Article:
I tend to love using the CLI for file navigation, package management, system configuration, even surfing the web occasionally. I tend to find the GUI alternatives to be somewhat cluttered and annoying.

P4man
May 1st, 2010, 07:11 PM
Compiling using GCC or LLVM. Building things from source requires the CLI, and thank god for that.


You sure you cant do that with something like eclipse? Regardless, it doesnt meet my mother-in-law benchmark :)

Yes
May 1st, 2010, 07:14 PM
Compile and upload AVR programs.

Other than that it's not a matter of not being able to do something from a GUI, it's just that it's easier or faster to do from the CLI.

grief -l
May 1st, 2010, 07:14 PM
The biggest problem a new user faces is hardware compatibility - drivers, firmware - and none of that can be done with the GUI. The "Hardware Drivers" gizmo in System > Admin only works if there's already a driver available, but it can't make && make install, modprobe, blacklist or any such tasks. You also can't get info in the GUI like with ifconfig, iwconfig etc and there is absolutely no way to configure say a wireless dongle or pci card through the GUI.

Of course, once a newbie has got his hardware up and running there's no longer any need to mess with it so GUI/CLI is moot.... until the next update loads a new kernel and the cussing starts all over again.

Bachstelze
May 1st, 2010, 07:17 PM
I can do everything with CLI except look at pictures (I can play videos in ASCII using mplayer).

Have a look at svgalib or directfb. ASCII videos are bad for you. ;)

Kingsley
May 1st, 2010, 07:29 PM
I can't spoof my mac address with GUI. There's probably a way to do so but I don't know it.

P4man
May 1st, 2010, 07:31 PM
And mac address spoofing is something you can imagine my or your mother in law doing?

jkxx
May 1st, 2010, 07:34 PM
The reason I posted the bit about PulseAudio is that it's a common thing that people would want to use all channels on their sound card - though I guess strictly defined it's not so common.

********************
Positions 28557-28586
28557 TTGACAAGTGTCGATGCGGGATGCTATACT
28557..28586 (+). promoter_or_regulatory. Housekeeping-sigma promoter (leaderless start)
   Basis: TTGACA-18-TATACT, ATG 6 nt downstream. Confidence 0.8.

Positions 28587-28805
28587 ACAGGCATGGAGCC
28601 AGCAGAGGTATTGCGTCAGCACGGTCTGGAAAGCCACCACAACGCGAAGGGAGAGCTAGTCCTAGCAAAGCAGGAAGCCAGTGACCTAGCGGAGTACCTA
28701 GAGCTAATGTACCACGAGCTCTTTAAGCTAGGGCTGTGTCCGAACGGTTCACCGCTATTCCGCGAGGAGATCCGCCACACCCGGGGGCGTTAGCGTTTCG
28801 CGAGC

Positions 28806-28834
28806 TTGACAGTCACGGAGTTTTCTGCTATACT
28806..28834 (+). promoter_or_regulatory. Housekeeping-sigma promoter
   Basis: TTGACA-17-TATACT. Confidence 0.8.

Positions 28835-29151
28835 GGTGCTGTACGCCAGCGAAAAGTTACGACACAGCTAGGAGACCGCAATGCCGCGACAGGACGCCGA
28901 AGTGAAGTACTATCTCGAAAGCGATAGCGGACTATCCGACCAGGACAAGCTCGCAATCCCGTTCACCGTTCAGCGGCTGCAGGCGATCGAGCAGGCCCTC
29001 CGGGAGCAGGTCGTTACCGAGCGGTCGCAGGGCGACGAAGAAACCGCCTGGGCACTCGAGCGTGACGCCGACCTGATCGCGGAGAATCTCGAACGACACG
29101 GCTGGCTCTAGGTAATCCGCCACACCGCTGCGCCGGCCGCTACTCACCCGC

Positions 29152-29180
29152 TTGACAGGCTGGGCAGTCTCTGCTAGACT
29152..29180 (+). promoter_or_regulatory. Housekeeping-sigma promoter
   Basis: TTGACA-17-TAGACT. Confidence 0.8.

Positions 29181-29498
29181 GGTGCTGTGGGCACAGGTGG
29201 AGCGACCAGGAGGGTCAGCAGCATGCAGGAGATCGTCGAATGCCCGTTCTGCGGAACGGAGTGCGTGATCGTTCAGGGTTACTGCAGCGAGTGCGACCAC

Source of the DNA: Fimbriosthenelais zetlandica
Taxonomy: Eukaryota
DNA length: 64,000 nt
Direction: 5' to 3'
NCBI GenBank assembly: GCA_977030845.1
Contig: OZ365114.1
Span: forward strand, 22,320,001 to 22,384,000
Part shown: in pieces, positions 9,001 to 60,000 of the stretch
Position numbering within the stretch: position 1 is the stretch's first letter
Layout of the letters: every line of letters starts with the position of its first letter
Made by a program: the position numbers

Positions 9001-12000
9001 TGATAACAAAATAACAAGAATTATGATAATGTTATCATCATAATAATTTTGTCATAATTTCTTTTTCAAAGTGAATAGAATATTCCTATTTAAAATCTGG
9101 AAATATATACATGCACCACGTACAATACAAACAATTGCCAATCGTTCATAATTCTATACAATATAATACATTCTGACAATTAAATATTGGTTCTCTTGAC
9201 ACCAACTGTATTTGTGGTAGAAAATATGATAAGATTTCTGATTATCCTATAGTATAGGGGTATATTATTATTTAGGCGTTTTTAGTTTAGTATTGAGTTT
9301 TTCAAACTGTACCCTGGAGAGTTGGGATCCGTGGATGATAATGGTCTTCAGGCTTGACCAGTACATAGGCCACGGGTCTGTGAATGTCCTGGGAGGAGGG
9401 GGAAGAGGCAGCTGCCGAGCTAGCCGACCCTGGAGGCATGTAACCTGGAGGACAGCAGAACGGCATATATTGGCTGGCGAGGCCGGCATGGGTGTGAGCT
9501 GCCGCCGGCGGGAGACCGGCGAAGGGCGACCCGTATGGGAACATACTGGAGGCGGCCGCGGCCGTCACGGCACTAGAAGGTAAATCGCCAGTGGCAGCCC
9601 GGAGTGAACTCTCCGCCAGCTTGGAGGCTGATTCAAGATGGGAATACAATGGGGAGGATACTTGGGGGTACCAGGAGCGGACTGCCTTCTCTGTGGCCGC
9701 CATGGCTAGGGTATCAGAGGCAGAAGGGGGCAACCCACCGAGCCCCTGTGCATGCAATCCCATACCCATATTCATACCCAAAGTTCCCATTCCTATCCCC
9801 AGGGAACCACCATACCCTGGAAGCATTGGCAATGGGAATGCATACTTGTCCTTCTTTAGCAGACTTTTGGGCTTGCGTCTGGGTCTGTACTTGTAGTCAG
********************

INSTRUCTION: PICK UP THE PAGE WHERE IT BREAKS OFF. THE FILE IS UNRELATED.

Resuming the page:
I was going to post another related PulseAudio one though it's not CLI-only and most can agree PA is just a pain regardless of how it has to be configured.

As for ASCII videos, vlc-nox can do that too ;)

I'll have to admit that the aforementioned PA file edit is the only strictly CLI task I've had to do since getting the latest Kubuntu (10.04). I literally have not run into a single other task requiring a trip to the terminal since installing, and kudos to the devs for that.

Yes
May 1st, 2010, 07:34 PM
Why are you so obsessed with what my mother in law does?

You asked us what common tasks we do that we can't use the GUI for, and I'm sure a lot of stuff that has been listed like spoofing a mac address is common to that user.

If you asked "what common task does your mother in law do that she can't do from a GUI" I'd probably say nothing. Is that the answer you're looking for?

P4man
May 1st, 2010, 07:41 PM
Why are you so obsessed with what my mother in law does?

You asked us what common tasks we do that we can't use the GUI for, and I'm sure a lot of stuff that has been listed like spoofing a mac address is common to that user.

If you asked "what common task does your mother in law do that she can't do from a GUI" I'd probably say nothing. Is that the answer you're looking for?

Mother in law is just a metaphore of course (that i mentioned in my original post), but I rephrased it a bit now.